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RIS also includes software for programming robots, a graphical environment called RCX Code. Using RCX Code, you can create robot programs by snapping together functional blocks, just like snapping together Lego bricks. You can download and store completed programs on the RCX via an infrared link (the same way your remote and your television set talk to each other). RCX Code is great for people who have never programmed, but it's limiting for experienced programmers.
The RCX, the robotic brain, is a large brick that contains a microcontroller. You can attach three motors and three sensors simply by snapping special "wire bricks" on the RCX. An infrared port is used to communicate with your desktop computer.
Internally, the RCX contains 16KB of ROM and 32KB of RAM. The ROM contains low-level routines for the motors and sensors. You must load the RAM with firmware, which is also provided by Lego. This firmware (which I'll call the default firmware) contains a byte-code interpreter, which can run programs downloaded from RCX Code.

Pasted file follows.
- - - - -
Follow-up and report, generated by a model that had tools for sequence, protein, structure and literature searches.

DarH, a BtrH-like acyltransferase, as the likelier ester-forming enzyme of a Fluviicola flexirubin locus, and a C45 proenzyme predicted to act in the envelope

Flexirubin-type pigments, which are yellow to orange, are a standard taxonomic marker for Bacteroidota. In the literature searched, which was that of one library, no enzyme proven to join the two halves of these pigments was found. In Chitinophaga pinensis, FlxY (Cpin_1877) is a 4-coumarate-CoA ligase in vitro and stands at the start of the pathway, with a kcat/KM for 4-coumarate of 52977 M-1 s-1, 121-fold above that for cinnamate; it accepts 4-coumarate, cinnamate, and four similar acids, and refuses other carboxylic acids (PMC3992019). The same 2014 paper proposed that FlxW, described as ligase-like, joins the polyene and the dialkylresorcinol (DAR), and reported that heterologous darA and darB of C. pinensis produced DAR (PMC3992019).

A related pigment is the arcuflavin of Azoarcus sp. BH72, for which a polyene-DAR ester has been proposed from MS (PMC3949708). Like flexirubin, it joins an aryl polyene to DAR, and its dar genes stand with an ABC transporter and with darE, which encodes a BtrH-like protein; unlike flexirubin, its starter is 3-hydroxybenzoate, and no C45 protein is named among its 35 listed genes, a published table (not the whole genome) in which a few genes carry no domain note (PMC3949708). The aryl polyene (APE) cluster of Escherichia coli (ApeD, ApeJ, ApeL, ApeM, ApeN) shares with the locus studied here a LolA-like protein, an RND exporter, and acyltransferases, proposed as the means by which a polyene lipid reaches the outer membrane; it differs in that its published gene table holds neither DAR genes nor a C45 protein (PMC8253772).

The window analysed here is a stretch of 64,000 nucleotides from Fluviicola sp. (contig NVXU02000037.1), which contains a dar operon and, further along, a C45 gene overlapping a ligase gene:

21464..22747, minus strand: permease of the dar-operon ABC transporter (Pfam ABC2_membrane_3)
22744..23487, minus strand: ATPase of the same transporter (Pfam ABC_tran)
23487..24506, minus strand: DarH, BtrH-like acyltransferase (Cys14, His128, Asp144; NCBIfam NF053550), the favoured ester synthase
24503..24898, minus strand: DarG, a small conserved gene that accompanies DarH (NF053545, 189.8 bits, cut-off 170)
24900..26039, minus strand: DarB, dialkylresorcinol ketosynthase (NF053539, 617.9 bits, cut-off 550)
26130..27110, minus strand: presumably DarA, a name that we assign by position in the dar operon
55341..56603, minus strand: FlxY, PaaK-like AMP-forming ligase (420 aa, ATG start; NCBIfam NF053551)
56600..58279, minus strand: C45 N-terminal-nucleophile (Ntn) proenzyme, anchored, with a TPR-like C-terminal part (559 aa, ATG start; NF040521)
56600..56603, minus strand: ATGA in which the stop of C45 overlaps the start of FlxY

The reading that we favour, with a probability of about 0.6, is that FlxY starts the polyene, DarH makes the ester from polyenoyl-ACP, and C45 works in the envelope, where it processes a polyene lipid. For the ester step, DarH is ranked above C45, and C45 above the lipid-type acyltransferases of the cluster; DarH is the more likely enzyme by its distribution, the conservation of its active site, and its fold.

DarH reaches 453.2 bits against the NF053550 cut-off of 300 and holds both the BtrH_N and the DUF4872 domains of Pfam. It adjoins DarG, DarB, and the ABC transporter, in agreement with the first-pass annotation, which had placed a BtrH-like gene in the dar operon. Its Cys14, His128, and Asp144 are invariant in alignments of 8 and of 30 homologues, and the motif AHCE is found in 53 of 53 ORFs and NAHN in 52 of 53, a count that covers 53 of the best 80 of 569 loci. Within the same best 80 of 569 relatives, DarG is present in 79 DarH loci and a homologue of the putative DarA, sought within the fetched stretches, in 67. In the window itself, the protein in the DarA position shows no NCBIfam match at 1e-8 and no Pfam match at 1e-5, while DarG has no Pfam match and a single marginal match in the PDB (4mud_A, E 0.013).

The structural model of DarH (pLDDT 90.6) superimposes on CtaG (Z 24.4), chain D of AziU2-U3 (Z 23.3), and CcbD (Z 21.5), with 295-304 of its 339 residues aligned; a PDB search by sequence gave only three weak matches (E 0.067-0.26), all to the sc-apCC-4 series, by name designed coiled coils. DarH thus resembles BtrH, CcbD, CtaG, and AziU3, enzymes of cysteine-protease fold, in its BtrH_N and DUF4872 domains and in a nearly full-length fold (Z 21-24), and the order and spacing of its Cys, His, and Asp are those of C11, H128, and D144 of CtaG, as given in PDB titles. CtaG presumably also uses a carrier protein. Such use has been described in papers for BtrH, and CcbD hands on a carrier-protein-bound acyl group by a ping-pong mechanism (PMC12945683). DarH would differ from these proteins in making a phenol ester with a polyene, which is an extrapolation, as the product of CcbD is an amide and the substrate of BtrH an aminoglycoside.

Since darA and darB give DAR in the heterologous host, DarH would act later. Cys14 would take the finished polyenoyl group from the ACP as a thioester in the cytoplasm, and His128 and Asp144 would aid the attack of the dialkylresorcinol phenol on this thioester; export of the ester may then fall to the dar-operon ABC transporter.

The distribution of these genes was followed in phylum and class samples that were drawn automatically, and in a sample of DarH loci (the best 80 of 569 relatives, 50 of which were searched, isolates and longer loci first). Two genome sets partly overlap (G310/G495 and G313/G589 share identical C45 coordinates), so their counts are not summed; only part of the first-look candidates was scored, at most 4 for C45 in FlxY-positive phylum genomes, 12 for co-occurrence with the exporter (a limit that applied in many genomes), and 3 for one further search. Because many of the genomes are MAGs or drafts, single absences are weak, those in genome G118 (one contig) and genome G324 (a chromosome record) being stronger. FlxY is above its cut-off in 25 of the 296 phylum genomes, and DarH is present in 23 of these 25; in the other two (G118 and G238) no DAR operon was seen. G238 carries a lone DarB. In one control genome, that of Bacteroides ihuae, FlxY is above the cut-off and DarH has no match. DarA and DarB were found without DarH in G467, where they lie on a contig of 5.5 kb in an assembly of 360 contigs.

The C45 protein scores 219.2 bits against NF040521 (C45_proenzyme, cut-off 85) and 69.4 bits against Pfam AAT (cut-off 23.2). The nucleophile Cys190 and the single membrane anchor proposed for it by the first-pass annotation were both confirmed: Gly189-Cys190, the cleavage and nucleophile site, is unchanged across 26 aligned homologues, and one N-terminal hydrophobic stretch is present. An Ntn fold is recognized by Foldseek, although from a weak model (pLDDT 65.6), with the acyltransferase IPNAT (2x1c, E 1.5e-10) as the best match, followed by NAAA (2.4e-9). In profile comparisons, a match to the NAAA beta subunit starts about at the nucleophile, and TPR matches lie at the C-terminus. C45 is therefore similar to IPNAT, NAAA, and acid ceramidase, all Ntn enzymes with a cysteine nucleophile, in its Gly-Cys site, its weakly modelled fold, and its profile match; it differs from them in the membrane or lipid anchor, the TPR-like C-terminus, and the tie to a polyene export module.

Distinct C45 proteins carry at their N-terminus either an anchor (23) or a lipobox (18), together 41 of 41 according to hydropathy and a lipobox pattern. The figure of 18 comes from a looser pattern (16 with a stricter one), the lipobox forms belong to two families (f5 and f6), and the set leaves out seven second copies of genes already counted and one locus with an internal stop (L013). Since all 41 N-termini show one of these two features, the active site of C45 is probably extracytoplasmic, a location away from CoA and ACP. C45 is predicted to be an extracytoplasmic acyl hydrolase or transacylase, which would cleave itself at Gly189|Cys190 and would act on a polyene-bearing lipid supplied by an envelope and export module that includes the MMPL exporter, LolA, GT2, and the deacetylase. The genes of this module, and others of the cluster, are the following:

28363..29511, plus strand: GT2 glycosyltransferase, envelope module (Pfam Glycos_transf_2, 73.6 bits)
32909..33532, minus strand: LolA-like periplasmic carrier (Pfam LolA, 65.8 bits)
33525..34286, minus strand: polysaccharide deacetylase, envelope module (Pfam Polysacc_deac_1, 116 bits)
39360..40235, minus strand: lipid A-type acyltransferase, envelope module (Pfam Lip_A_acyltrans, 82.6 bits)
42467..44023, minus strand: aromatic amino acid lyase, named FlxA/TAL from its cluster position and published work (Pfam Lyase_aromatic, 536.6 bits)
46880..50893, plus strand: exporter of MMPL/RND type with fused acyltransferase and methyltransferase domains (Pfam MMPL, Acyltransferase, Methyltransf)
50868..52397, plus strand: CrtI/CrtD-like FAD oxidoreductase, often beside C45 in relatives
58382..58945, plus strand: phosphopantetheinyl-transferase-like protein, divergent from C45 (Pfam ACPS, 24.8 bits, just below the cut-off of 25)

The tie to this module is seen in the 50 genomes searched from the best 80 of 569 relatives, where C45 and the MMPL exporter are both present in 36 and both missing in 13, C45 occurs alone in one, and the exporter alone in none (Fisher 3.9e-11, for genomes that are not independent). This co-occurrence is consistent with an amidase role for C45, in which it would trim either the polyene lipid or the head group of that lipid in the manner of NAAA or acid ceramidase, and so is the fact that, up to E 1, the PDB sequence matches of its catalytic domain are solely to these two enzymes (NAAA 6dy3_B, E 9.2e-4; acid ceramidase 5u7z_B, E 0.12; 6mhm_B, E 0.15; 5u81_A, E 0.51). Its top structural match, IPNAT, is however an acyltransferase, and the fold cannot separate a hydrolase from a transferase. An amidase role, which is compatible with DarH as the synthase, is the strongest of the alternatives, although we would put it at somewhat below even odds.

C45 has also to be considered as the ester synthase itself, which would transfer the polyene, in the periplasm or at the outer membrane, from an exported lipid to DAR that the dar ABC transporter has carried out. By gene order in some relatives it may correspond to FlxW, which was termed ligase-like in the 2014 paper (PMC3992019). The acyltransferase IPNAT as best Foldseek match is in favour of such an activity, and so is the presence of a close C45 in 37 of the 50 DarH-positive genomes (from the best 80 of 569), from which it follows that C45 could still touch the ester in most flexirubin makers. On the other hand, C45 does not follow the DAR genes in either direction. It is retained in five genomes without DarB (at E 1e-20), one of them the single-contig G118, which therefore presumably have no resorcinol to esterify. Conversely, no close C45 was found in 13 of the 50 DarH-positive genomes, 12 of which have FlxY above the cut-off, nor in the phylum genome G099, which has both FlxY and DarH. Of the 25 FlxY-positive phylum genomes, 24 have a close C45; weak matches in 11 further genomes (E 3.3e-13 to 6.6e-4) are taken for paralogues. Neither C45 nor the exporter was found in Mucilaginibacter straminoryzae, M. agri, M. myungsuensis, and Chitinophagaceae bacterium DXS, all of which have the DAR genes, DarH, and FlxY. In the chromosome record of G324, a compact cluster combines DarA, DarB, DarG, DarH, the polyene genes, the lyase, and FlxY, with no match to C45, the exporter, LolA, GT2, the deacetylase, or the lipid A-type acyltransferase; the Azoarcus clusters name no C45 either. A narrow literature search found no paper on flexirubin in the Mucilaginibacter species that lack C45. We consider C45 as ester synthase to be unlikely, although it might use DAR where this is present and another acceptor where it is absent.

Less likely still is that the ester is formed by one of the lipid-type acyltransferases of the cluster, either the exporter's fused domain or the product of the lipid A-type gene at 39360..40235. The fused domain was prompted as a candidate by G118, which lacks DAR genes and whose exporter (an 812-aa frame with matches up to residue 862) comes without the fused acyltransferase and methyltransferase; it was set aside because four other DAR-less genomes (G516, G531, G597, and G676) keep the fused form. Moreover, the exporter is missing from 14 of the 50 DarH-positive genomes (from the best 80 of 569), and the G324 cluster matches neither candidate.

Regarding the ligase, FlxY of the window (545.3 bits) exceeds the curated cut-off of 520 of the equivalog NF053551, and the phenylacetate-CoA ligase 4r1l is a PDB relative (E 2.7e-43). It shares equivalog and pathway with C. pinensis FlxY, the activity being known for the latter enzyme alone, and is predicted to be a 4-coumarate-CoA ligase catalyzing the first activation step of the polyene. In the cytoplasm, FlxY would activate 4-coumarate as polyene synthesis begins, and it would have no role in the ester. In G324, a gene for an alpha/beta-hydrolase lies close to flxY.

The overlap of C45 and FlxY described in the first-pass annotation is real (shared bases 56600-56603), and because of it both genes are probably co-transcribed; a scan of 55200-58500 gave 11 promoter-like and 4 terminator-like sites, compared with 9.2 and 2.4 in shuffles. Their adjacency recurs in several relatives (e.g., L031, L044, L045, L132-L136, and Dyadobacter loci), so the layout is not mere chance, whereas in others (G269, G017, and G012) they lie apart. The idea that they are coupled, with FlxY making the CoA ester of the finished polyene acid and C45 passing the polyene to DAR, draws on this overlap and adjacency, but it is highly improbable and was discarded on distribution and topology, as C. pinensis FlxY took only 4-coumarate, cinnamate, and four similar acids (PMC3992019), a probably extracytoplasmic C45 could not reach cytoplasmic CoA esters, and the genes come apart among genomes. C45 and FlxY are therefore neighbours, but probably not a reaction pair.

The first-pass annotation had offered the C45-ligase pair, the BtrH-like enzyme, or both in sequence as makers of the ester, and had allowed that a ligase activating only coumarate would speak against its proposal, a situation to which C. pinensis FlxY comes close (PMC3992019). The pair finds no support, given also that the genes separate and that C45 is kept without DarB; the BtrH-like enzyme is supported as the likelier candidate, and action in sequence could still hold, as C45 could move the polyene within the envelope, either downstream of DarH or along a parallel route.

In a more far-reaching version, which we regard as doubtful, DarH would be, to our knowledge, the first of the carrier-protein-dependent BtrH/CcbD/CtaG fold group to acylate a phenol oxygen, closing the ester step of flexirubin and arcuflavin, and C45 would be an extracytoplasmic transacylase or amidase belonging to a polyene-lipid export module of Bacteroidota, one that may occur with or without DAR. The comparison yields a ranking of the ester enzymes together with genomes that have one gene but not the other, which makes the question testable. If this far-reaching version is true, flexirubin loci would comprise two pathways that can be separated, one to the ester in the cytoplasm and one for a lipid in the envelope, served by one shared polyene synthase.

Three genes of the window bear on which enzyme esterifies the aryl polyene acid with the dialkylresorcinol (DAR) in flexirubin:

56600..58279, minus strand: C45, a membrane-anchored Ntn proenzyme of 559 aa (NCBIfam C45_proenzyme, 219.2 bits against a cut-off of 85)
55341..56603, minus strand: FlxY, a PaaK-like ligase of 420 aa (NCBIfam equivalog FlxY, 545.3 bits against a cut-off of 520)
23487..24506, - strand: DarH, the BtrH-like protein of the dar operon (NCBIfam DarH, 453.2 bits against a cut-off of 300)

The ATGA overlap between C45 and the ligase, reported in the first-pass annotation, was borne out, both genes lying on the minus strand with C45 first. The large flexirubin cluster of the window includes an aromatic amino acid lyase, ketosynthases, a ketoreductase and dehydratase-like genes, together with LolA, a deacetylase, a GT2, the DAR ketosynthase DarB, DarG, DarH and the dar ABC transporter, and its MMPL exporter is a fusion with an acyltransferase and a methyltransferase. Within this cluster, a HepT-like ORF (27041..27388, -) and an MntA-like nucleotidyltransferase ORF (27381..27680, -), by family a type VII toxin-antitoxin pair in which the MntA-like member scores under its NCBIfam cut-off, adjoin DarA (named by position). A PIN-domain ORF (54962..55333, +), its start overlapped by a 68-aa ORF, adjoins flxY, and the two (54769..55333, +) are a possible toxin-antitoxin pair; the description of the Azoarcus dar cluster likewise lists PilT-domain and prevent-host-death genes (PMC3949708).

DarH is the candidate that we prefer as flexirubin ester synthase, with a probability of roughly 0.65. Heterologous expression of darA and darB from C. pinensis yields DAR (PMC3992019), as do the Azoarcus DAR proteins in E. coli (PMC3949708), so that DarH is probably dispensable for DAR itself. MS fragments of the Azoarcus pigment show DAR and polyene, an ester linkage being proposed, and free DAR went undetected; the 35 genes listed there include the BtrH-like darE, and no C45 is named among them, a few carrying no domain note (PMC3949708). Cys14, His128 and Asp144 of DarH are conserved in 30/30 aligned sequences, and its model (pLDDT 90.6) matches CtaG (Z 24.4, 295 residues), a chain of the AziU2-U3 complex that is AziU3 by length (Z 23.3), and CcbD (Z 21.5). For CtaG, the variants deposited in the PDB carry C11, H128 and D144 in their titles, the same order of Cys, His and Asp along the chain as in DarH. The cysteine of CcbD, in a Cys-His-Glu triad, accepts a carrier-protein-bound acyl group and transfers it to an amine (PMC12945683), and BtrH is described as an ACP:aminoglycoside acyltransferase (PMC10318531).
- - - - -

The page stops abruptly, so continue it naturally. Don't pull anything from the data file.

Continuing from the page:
There are two categories of alternate programming environments for the RCX. The first uses the default firmware on the RCX and provides alternate programming environments on the desktop PC. A good example of this is NQC, a popular environment that lets you write robot programs using C-like source files. Those files are compiled and downloaded to the RCX, but it's still the default RCX firmware that runs the programs.
The second class of alternate programming environment uses replacement firmware and also provides a set of PC-side tools for programming. LeJOS falls into this category. LeJOS was created by Jose Solorzano, a developer and Lego robot enthusiast. LeJOS is the sophisticated cousin of TinyVM, Solorzano's first run at a Java environment for the RCX.
LeJOS provides replacement firmware that knows how to run leJOS programs. It also provides PC-side tools for compiling Java source code and downloading leJOS programs to the RCX.
Only a small subset of the Java Virtual Machine and APIs can be implemented on a small device like the RCX. LeJOS includes
just a few Java classes from
java.util -- many of which will be familiar to Java programmers. That's one of the great things about leJOS; if you already know Java,
you're a few steps up on the learning curve.
You can download the entire leJOS package from the leJOS homepage, http://lejos.sourceforge.net/. The page also contains links to installation instructions for both Linux and Windows. I'll be using the Windows version, but it will be much the same process for Linux users.